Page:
One of the cutest seaside towns is just a 30-minute train ride from Edinburgh!
If I could make a suggestion to anyone going abroad for more than a week-long trip, I would suggest exploring beyond the city-limits.
I was really lucky to share student housing with three amazing people from my internship program. We’d all spend Mondays-Thursdays at our separate internship placements, but Fridays, Saturdays, and Sundays were up for debate.
Sometimes we’d do our own thing. I’d wander the city, Gwendolyn would hike through the Pentlands, Monica would be up on Calton Hill while Carlie busied herself in a newly found café with research data and Americanos.
But at least one of those days we’d spend together. Venturing somewhere that one of us had been dying to visit. This weekend, I wanted to visit North Berwick, and Gwendolyn new there was a Castle nearby.
The North Sea, sunshine, and castle ruins, what could go wrong?
North Berwick was a dreamy setting. First of all, it was sunny, and it stayed sunny the whole day, a rarity for Scottish weather.
But Berwick itself was so quaint! We walked into town from the train station, the horizon outlined by an outstretched peak, blue, glinting water, and bright green grass bordering along a stretch of sand with patches of dried up seaweed.
The first thing we did was go down to the beach to christen our feet in the North Sea.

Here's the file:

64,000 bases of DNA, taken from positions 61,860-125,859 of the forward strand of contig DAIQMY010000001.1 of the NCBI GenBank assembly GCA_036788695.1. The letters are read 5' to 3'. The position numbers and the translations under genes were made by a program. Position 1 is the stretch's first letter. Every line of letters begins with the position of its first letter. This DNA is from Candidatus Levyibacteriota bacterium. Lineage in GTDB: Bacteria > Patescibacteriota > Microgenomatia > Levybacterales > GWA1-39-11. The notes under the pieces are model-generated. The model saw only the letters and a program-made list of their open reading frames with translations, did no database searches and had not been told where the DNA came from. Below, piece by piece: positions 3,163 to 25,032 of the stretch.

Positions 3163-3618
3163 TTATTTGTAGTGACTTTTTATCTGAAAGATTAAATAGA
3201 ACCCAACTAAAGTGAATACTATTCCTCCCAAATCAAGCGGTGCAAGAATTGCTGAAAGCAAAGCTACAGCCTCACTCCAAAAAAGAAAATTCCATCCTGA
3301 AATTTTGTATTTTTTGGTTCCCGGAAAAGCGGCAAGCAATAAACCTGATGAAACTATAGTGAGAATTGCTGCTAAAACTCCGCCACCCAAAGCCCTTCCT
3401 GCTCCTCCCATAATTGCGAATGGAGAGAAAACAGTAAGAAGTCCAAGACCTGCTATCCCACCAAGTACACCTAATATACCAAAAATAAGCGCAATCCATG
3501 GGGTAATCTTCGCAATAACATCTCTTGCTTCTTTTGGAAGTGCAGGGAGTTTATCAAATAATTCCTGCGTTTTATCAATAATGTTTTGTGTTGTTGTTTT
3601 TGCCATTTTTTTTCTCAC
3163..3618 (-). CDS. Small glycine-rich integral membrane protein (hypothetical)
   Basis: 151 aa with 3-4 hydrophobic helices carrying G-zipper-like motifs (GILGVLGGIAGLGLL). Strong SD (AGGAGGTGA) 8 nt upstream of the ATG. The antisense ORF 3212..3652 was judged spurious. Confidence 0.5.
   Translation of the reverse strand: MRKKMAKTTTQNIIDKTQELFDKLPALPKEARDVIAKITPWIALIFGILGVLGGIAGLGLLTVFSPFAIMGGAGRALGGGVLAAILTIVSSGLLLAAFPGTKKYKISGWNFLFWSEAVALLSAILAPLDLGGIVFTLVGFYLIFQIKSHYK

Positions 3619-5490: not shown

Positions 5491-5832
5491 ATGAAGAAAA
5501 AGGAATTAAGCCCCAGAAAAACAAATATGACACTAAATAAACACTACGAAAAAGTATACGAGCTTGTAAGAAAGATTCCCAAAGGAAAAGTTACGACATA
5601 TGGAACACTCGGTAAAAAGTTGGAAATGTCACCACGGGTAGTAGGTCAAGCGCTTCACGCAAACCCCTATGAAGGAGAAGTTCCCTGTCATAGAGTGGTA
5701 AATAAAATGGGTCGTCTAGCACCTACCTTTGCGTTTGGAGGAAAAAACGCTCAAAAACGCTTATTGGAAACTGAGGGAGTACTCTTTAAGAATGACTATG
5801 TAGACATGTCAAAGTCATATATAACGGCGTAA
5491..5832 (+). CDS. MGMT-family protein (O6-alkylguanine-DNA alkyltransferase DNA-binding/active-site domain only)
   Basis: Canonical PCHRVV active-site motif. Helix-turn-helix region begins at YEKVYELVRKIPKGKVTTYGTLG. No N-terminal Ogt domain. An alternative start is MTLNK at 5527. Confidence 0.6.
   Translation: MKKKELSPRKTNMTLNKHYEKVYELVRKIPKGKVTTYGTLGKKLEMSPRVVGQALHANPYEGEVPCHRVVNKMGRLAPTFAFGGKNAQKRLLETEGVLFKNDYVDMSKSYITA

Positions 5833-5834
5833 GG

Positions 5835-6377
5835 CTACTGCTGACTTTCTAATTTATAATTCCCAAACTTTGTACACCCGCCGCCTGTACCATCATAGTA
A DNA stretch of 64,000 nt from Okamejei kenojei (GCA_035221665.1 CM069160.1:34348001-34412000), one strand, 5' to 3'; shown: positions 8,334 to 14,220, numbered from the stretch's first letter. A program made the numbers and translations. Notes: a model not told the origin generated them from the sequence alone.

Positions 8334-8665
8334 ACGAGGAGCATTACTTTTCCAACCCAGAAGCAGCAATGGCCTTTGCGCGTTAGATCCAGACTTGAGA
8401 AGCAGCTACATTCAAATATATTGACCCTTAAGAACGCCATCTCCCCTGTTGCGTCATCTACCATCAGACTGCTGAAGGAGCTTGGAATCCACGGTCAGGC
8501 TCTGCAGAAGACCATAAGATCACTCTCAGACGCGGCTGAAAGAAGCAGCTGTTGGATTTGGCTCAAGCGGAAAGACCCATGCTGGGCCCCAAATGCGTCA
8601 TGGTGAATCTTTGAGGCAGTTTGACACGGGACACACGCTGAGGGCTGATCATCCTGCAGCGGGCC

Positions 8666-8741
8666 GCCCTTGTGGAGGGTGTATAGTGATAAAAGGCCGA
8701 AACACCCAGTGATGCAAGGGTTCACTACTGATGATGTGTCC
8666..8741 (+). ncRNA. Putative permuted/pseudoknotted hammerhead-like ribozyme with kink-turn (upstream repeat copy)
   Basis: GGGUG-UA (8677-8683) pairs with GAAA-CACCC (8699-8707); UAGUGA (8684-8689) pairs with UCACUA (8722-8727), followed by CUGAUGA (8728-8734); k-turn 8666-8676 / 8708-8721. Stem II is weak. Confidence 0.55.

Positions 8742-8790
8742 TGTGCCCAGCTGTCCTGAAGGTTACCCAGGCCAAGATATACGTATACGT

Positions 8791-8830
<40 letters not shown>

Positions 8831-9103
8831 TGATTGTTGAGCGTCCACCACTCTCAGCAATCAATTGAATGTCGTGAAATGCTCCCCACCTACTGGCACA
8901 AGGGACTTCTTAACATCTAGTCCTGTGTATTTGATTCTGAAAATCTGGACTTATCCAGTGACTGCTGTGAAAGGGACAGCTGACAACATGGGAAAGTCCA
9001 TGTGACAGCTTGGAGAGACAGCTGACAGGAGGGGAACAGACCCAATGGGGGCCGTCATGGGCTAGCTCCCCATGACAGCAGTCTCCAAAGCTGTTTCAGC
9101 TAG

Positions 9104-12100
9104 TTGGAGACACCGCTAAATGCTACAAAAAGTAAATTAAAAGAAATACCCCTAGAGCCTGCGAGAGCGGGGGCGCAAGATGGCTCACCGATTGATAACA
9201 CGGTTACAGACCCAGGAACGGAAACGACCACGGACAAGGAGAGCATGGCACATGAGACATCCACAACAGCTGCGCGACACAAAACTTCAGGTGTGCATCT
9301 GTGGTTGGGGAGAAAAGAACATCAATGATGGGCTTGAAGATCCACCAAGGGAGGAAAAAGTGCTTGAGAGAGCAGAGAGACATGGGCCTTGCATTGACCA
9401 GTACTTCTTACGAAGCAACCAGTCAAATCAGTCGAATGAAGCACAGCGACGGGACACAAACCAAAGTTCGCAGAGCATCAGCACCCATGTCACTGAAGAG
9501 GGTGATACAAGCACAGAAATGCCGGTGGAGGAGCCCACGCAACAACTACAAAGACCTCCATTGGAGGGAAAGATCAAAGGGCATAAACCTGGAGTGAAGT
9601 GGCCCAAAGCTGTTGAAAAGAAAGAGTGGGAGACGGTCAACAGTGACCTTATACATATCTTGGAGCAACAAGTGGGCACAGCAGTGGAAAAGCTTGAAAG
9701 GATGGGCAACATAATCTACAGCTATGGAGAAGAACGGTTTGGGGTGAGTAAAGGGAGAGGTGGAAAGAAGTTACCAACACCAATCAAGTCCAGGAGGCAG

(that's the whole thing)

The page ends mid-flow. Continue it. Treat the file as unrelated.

It was icy cold yet refreshing, and we picked up pieces of sea glass as we walked, our eyes fixed on the cluster of little holiday cottages and shops on the opposite end of the shore.
The town was flooded with families soaking up a sunny weekend. We picked up a small map from inside the Puffins center, and decided to walk along the beach to Tantallon Castle. The map made it seem close; just a mile give or take from where we set off.
The beach turned into a foot path, the foot path into a golf course (that welcomed walkers so long as they minded their heads).
Multiple times we thought to turn back, but we reasoned that the castle would be just beyond that hill or just over that bend, and soon we had nothing to lose, because regardless it was going to be a long way back.
Gwendolyn helped us navigated through the golfing parties. She would say stop, and go, as we laughed at ourselves for getting stuck in such an awkward situation.
There was a stretch of road bordering the golf course, but it was blocked by a stone fence and barbed-wire. We hoped that there would be a break in the fence, and so we kept on walking until one golfing party finally spoke up.
A thick Scottish accented-voice called “You alright?”
To which we sheepishly admitted that we were trying to find Tantallon Castle.
The man turned to his wife and gave her a look, then turned back to us and said “Aye its just a wee, ways further. You’re headed in the right direction”
Looking back, I now understand why he gave her that look.
It took us an hour to walk from Berwick along the golf course, and down the roadside---after we finally found a crumpled part of the fence we could jump over!